Developers Outline Plans for 2-Tower Housing at Scorched LES Synagogue Site
From the fire-scorched remains of Beth Hamedrash Hagadol will rise a residential complex comprised of two towers, one of which is three times the size of the other. It’s all part of a proposal by the Chinese-American Planning Council (CPC) and developer Gotham Organization to impart an “intergenerational community anchored by neighborhood retail and community facility tenants.”
Last night – a full eight months after the fire – the partnership presented its preliminary plans to Community Board 3.
The overall project spans the full block of Broome Street from Norfolk to Suffolk Street, and comprises both a mid-rise (10 stories) and high-rise (30 stories) component. It’ll occupy the parking lot of the Hong Ning senior living next door and the synagogue site.
Below are some nuts and bolts:
- The 10-story building is at the Norfolk Street corner and will carry 88 affordable apartments for seniors; the 30-story building is at Suffolk Street and boasts 400 apartments, 100 of which are permanently affordable. Total residential is 375,000 square-feet.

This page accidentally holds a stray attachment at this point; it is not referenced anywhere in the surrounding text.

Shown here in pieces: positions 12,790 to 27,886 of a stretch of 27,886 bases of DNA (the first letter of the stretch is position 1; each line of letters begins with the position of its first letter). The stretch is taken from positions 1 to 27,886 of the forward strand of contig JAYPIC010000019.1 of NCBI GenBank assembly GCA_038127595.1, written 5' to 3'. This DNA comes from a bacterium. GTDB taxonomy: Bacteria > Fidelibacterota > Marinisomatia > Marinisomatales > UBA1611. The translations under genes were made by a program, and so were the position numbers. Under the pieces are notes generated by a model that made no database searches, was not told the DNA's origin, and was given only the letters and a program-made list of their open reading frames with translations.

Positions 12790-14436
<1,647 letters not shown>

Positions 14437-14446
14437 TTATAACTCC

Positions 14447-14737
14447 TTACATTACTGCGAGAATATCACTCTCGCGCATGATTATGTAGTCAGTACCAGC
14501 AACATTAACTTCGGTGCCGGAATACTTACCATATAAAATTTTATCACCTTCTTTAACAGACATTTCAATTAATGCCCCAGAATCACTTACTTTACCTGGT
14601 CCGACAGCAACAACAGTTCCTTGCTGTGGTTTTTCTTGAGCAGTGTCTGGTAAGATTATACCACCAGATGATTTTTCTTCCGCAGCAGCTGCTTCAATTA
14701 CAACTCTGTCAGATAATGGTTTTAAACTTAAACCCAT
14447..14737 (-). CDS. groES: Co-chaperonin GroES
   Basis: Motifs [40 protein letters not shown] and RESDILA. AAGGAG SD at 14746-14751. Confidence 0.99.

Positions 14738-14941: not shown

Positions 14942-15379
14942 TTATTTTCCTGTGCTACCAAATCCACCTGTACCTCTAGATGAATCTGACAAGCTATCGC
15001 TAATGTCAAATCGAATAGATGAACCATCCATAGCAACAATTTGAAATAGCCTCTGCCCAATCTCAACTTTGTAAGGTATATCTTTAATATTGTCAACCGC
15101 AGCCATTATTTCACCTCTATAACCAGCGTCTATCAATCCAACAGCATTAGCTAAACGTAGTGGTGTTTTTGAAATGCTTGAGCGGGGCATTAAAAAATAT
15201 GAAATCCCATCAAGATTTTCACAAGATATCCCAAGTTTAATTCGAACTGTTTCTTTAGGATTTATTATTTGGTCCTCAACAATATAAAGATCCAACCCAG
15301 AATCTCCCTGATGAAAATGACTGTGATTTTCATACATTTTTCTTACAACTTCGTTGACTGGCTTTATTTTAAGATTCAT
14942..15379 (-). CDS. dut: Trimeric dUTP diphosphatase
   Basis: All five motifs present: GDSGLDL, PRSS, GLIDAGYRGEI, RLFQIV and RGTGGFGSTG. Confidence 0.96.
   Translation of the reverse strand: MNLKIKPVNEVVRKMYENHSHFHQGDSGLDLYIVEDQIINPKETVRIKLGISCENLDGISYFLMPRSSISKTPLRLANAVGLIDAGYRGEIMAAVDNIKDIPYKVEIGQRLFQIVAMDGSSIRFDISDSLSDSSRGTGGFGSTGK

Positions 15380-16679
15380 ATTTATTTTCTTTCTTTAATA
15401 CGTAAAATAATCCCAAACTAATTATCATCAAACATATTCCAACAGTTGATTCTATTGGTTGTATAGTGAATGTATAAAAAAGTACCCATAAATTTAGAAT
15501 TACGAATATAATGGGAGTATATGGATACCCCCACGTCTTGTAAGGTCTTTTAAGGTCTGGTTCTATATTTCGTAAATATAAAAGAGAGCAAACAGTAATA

- CPC retains ownership of the land, but granted Gotham Organization a 99-year ground lease. CPC will own a 40,000 square-foot commercial condo as permanent headquarters for its nonprofit, allowing it to consolidate operations from around the city.
- Beth Hamedrash Hagadol retains ownership of its land, but will own a 4,000 square-foot commercial condo in the new development. Remnants of the 167-year-old house of worship are incorporated into the overall design.
- Retail storefront facing Broome Street that’s 10,000 square-feet, with additional 10,000 square-feet in the basement.
- Outdoor space that can be utilized by residents, CPC, and the synagogue.
- The affordable building will cantilever over the remains of the synagogue.
- Architect of record is Dattner Architects.
Timing of the hearing was definitely curious given the de Blasio administration’s about-face Tuesday on a promise to deliver affordable senior housing at the city-owned 30 Pike Street. However, the team was adamant that while the city came to them this past fall to increaseng the senior housing in this development, a Rivington House quid-pro-quo was never mentioned.